In “Moods Are Not Colored Lenses: Perceptualism and the Phenomenology of Moods” Francisco Gallegos presents a challenge to popular view about the phenomenology of being in a mood that he calls “perceptualism”. In this essay, I offer a partial defense of perceptualism about moods and argue that perceptualism and Gallegos’s preferred Heideggerian alternative need not be viewed as in opposition to one another.
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  7.  17
    Epistemic Elitism and Other Minds.Elijah Chudnoff - 2018 - Philosophy and Phenomenological Research 96 (2):276-298.
    Experiences justify beliefs about our environment. Sometimes the justification is immediate: seeing a red light immediately justifies believing there is a red light. Other times the justification is mediate: seeing a red light justifies believing one should brake in a way that is mediated by background knowledge of traffic signals. How does this distinction map onto the distinction between what is and what isn't part of the content of experience? Epistemic egalitarians think that experiences immediately justify whatever is part of (...)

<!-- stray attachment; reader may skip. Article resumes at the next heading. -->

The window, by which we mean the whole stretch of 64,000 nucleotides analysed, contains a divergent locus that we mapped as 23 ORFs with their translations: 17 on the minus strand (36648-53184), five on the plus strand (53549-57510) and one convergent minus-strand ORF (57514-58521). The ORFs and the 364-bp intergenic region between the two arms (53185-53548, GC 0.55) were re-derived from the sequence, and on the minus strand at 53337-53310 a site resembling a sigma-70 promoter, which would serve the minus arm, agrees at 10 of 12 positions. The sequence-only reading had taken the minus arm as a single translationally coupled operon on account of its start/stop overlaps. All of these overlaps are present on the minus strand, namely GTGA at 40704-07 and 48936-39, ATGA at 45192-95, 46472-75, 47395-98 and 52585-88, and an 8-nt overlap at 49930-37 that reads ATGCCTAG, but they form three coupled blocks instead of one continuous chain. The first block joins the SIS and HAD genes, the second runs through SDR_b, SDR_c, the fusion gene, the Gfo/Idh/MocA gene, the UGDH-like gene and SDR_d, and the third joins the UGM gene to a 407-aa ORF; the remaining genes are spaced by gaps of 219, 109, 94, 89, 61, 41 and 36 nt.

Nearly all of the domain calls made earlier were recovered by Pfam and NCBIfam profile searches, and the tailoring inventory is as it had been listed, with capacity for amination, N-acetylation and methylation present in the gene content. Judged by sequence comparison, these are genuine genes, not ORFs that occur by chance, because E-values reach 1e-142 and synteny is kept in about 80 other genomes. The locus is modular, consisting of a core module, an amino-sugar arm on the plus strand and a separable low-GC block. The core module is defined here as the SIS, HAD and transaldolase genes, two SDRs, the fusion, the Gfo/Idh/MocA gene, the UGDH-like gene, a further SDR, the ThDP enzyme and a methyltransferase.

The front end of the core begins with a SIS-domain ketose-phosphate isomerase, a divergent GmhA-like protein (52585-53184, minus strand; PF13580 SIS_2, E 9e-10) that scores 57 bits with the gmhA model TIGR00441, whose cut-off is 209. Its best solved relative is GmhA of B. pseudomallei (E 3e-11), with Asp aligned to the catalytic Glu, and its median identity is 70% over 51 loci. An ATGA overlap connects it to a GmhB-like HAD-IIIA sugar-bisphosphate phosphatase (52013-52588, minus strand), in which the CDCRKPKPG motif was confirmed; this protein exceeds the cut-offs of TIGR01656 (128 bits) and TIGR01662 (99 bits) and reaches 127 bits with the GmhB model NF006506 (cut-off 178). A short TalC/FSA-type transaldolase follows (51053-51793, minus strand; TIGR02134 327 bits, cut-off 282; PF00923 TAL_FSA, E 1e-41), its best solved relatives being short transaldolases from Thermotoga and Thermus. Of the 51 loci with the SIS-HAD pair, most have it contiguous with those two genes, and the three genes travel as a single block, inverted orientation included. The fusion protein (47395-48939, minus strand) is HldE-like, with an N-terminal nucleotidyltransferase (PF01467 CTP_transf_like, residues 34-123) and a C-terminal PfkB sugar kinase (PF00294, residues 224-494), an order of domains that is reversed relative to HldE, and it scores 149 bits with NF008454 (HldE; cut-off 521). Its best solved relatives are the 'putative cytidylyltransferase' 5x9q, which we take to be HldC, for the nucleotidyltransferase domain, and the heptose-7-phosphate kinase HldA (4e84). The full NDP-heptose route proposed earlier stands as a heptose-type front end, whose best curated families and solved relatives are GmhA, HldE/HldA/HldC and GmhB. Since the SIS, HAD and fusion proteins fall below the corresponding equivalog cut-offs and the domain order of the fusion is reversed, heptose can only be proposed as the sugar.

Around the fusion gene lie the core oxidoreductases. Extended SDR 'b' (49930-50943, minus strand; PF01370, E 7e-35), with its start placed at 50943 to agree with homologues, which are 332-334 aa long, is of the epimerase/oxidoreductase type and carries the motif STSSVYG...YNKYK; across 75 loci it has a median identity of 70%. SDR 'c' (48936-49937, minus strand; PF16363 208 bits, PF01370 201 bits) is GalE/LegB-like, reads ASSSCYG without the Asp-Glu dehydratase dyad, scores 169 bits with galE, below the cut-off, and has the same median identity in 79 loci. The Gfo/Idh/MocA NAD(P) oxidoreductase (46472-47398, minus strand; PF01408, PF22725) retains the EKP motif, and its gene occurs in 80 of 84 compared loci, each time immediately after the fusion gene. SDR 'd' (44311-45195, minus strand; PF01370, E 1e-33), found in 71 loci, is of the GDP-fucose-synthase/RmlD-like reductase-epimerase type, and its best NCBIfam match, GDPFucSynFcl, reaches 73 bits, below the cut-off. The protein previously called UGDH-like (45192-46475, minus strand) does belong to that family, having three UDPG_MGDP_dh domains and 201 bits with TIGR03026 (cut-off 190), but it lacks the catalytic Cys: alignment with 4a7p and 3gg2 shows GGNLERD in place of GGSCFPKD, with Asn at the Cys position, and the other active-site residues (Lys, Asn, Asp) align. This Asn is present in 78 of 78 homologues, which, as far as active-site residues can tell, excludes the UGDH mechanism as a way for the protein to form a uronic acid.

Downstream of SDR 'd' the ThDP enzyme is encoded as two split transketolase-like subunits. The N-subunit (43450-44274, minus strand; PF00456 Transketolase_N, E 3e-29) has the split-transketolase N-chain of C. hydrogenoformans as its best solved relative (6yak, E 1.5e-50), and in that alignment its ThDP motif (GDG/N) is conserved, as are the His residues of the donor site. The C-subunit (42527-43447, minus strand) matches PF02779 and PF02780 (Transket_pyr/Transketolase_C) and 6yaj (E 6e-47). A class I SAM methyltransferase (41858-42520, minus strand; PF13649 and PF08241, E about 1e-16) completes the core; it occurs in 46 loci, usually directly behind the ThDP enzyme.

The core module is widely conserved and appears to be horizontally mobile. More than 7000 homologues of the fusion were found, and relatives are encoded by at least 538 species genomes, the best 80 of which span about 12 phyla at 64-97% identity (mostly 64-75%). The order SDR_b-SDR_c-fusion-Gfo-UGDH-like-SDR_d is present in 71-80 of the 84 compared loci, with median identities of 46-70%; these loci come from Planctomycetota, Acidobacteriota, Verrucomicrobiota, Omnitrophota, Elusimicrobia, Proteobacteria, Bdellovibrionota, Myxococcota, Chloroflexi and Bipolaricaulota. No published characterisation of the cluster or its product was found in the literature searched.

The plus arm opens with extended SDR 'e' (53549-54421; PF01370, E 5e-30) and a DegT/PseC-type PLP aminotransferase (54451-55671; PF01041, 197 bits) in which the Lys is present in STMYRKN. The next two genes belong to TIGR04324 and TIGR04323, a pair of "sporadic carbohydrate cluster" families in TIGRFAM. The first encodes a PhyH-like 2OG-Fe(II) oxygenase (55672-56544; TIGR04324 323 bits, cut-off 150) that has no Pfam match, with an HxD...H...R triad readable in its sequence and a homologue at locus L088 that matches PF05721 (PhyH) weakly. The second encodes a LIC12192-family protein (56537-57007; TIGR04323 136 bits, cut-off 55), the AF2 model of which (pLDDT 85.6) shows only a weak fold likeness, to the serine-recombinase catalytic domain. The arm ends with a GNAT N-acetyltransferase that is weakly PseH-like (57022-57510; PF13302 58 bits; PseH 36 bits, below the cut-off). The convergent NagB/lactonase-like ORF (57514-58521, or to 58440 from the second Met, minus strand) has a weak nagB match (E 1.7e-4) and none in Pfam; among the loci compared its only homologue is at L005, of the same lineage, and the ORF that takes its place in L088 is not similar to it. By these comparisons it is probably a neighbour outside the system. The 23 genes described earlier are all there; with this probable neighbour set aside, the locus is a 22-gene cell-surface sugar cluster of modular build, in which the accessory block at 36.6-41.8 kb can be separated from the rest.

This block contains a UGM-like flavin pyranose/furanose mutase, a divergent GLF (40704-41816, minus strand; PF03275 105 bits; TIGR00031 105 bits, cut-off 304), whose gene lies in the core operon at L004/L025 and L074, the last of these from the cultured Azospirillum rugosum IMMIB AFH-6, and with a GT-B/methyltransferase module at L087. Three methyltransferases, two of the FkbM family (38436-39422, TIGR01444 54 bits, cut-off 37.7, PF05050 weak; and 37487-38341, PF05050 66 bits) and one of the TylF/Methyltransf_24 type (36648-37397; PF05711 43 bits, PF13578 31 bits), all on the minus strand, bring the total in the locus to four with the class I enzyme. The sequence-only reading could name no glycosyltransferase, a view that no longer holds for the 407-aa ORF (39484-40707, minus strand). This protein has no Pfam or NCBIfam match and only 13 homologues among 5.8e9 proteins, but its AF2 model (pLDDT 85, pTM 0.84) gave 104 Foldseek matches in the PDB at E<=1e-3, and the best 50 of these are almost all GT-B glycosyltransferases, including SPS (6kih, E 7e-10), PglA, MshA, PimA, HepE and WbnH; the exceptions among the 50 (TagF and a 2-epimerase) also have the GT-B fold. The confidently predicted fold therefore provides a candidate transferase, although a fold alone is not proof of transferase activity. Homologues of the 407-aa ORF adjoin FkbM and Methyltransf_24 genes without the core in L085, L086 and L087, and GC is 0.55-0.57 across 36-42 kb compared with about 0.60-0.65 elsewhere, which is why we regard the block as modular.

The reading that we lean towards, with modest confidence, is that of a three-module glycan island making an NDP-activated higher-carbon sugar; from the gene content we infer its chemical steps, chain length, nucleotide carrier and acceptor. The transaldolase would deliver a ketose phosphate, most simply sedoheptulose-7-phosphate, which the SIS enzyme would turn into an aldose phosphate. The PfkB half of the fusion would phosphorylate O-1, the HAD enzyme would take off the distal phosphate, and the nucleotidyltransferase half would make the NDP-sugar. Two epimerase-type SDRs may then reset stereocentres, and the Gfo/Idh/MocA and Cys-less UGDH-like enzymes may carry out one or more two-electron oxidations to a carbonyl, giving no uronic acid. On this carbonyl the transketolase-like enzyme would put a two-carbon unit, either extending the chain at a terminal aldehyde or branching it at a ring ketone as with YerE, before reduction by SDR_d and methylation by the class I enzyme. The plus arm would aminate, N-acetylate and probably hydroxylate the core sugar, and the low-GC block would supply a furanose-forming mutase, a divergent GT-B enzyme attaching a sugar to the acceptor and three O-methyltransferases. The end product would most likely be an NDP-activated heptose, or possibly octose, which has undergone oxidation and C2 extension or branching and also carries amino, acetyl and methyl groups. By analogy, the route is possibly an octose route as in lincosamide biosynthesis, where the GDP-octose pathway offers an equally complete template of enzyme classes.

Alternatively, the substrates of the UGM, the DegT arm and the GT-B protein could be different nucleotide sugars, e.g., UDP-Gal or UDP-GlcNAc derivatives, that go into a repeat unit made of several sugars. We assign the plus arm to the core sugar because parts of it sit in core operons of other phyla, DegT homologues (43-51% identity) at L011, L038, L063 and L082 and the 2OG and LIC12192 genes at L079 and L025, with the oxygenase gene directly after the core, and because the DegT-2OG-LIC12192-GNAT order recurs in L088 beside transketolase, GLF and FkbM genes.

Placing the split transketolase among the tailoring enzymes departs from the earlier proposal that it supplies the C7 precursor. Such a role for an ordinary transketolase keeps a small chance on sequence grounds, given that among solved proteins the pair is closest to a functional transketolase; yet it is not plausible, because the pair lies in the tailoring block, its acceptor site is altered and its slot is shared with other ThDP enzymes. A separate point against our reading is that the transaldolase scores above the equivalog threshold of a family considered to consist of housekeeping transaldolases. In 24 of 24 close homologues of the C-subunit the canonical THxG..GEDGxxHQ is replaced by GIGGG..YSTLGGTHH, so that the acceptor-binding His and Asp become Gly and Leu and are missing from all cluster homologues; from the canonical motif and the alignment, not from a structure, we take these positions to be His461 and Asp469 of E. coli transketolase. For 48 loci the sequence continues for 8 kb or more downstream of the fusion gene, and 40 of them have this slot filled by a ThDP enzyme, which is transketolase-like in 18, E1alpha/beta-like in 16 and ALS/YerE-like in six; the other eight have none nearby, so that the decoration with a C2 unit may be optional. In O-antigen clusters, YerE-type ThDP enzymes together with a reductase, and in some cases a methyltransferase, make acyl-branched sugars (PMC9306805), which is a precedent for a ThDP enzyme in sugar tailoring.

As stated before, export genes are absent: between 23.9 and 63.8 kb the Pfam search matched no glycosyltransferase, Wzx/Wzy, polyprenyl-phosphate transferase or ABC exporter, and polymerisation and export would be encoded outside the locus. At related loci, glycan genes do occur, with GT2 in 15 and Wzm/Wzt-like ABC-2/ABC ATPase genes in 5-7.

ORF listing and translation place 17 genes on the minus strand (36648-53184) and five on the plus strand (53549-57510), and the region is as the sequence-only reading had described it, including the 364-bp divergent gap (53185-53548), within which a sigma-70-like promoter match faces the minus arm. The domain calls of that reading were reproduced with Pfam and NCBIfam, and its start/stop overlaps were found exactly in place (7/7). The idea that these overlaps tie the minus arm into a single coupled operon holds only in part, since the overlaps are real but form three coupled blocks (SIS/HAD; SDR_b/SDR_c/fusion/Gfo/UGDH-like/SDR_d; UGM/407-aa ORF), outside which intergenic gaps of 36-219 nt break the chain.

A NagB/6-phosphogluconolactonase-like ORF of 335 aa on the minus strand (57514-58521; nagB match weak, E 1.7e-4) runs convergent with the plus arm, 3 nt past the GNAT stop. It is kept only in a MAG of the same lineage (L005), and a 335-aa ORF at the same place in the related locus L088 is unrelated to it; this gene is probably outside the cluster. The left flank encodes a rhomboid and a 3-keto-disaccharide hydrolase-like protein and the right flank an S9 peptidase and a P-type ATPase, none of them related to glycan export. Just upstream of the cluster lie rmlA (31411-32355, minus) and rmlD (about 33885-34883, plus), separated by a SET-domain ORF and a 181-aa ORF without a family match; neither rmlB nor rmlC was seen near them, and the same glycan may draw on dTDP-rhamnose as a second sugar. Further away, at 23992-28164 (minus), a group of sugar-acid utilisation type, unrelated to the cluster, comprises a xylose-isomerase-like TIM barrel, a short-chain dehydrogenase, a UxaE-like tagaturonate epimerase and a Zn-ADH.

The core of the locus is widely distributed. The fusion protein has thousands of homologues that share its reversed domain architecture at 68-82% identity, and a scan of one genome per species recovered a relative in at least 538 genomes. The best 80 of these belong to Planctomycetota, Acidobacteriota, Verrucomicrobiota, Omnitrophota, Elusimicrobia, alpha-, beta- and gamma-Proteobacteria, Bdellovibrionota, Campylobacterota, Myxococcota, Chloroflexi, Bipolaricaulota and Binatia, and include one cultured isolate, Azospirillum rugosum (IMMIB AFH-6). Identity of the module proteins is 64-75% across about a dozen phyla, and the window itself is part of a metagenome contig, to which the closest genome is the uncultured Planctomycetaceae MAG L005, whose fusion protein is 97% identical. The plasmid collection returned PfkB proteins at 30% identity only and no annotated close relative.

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  8.  1
    Two Visual Systems in Molyneux Subjects.Gabriele Ferretti - 2018 - Phenomenology and the Cognitive Sciences 17 (4):643-679.
    Molyneux’s question famously asks about whether a newly sighted subject might immediately recognize, by sight alone, shapes that were already familiar to her from a tactile point of view. This paper addresses three crucial points concerning this puzzle. First, the presence of two different questions: the classic one concerning visual recognition and another one concerning vision-for-action. Second, the explicit distinction, reported in the literature, between ocular and cortical blindness. Third, the importance of making reference to our best neuroscientific account on (...)